- Prof. M S Bhat, National Institute of Technology Karnataka
- Aditya Kulkarni
- Sahith S R
- Iteesha V A
- A Shrikant
- Analyzing the Lower metal layers of the On-Chip interconnects using the proposed model.
- Calculating the efficiency and accuracy of the proposed model against the foundry parameters.
- Designing a GUI for displaying the results acquired from the model for any interconnect lengths.
Introduction and Methodology
The advent of shrinking technology nodes in Integrated Circuit (IC) fabrication has led to the development of multi-layer metal connections to support a high density of transistors in a small chip area. From earlier foundry fabrication techniques, modern foundries support greater than 6 metal layers. On-chip interconnects consist of these metals in each layer. Metal lines which connect transistor devices in the same layer are defined as intra-planar interconnects.
This figure shows the metal density in the 3D view of a simple 2-input XOR gate. The blue lines indicate the lowest metal layer, M1, and the purple lines represent the next metal layer,M2. The high density metal connections in the lower metal region make the non-ideal interactions of the metal layers more significant and therefore, there is a need to model these non-idealities to better understand the on-chip behaviour of these high density circuits. This project aims to model the non-idealities present in the lowest metal layer, M1.
The lower metal layer wires were modelled using the proposed pi-model RLC network. The RLC values of the pi-network was carefully chosen to match the actual characteristics of the wire under test. The lengths of the interconnects was chosen as the parameter of interest.
So the model’s accuracy was analyzed wrt. different interconnect lenghts. The other parameters like other dimensions of the wire, nature of materials and media were taken to be fixed. The actual foundry parameters and equivalently, the actual circuit behaviour was obtained using a simualtion software ‘Electric Binary’, which has ‘LT Spice IV’ on background, a primary tool for circuit simulation.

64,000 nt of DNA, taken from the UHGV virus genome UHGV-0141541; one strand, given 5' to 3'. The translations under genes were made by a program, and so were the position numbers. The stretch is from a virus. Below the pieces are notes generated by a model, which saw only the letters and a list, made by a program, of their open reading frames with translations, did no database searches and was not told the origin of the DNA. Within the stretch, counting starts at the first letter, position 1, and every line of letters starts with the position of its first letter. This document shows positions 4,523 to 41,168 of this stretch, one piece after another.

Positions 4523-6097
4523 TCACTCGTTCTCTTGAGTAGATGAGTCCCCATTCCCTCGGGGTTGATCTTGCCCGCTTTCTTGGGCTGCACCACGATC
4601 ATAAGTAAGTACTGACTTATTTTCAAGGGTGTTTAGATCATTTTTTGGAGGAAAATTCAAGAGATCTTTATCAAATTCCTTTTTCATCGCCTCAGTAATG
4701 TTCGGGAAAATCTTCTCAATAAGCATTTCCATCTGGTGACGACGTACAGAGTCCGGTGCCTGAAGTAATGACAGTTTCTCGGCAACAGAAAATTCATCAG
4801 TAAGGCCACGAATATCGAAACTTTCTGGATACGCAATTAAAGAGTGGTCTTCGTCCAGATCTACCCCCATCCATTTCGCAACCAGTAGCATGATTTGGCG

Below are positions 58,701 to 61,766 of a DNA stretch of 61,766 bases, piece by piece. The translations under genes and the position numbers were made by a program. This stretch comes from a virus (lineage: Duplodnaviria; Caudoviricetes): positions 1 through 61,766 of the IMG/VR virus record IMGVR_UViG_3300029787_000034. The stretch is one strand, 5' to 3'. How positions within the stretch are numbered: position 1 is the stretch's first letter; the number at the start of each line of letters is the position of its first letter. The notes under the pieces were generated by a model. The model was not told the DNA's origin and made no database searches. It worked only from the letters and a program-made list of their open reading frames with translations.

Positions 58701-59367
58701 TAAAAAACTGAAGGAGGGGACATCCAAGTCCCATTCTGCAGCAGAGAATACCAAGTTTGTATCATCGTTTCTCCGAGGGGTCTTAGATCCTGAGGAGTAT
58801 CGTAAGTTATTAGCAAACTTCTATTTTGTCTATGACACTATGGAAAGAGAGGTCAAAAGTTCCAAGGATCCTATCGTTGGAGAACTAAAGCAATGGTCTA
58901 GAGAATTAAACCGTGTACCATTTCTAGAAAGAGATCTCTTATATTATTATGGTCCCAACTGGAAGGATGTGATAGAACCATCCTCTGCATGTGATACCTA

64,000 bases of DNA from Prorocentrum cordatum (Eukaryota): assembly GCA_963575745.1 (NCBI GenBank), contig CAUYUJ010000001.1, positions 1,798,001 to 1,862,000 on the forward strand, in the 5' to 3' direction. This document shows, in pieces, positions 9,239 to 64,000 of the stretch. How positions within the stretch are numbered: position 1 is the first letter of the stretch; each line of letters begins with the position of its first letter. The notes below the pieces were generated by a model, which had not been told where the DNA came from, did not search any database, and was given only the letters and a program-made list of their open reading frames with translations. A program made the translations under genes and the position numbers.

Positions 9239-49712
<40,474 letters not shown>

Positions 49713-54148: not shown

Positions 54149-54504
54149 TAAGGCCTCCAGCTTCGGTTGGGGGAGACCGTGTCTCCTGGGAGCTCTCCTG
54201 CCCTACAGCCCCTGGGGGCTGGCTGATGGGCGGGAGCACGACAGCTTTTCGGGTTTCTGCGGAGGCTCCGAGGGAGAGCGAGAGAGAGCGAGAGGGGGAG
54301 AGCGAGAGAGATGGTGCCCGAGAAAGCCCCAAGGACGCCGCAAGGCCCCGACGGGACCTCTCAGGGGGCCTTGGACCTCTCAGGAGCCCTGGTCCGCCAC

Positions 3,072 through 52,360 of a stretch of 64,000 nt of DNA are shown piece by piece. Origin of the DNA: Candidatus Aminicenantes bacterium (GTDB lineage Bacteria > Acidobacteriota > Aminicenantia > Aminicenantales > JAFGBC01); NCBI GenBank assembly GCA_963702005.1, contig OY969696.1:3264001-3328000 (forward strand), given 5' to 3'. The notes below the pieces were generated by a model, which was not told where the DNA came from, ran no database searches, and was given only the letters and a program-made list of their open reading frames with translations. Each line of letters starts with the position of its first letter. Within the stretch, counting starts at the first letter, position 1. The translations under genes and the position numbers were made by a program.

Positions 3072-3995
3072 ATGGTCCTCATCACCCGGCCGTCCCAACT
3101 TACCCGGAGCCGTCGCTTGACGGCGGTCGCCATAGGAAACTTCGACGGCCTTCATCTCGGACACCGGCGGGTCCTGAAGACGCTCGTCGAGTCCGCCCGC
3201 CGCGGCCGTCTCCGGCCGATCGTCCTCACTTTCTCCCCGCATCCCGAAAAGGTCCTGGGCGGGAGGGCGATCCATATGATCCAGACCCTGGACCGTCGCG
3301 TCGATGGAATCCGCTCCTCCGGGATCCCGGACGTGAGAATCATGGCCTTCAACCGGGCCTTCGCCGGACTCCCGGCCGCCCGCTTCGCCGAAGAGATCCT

The transcient analysis on LT Spice was used as the main tool for the analysis. The model was first put on simulation using a driver-load inverter pair(CMOS inverter pair) and the time delay(or phase delay equivalently) between the waveforms resulted from using the proposed model and the actual foundry circuits. The model was put up between the inverters for the analysis. Various interconnect lenghts were used and the corresponding delays were plotted. The result of the model was a schematic file and that of the foundry values is given as the layout file.
Similarly, the analysis was repeated on a 3 stage CMOS Ring Oscillator circuit and the results were analyzed. In case of the Ring Oscillator, the accuracy is computed in terms of the frequency of oscillations generated by the schematic circuit was compared with the layout.
In case of the driver-load inverter pair, various plots of td vs interconnect length were obtained on different T/H ratios(thickness to height) and found that model provided fairly accurate results for T/H close to 1.
In case of the 3 stage CMOS Ring OScillator, the model presented fairly accurate results. The output frequency produced by the circuit with the model was within a range of 20% from the layout circuit(with foundry parameters).
The modelling of the interconnects using a RLC network can be very useful for simulation softwares to generate accurate results at a higher frequencies with a higher efficiency (in terms of complexity of computation). So one of the main application of this project is to understand and predict the behaviour of on-chip interconnects at high frequencies and suitably study them.
We would like to acknowledgea and appreciate the help and support given by both of our guides Aditya Kulkarni and Prof. M S Bhat and we thank IEEE-NITK Student Branch for supporting this project.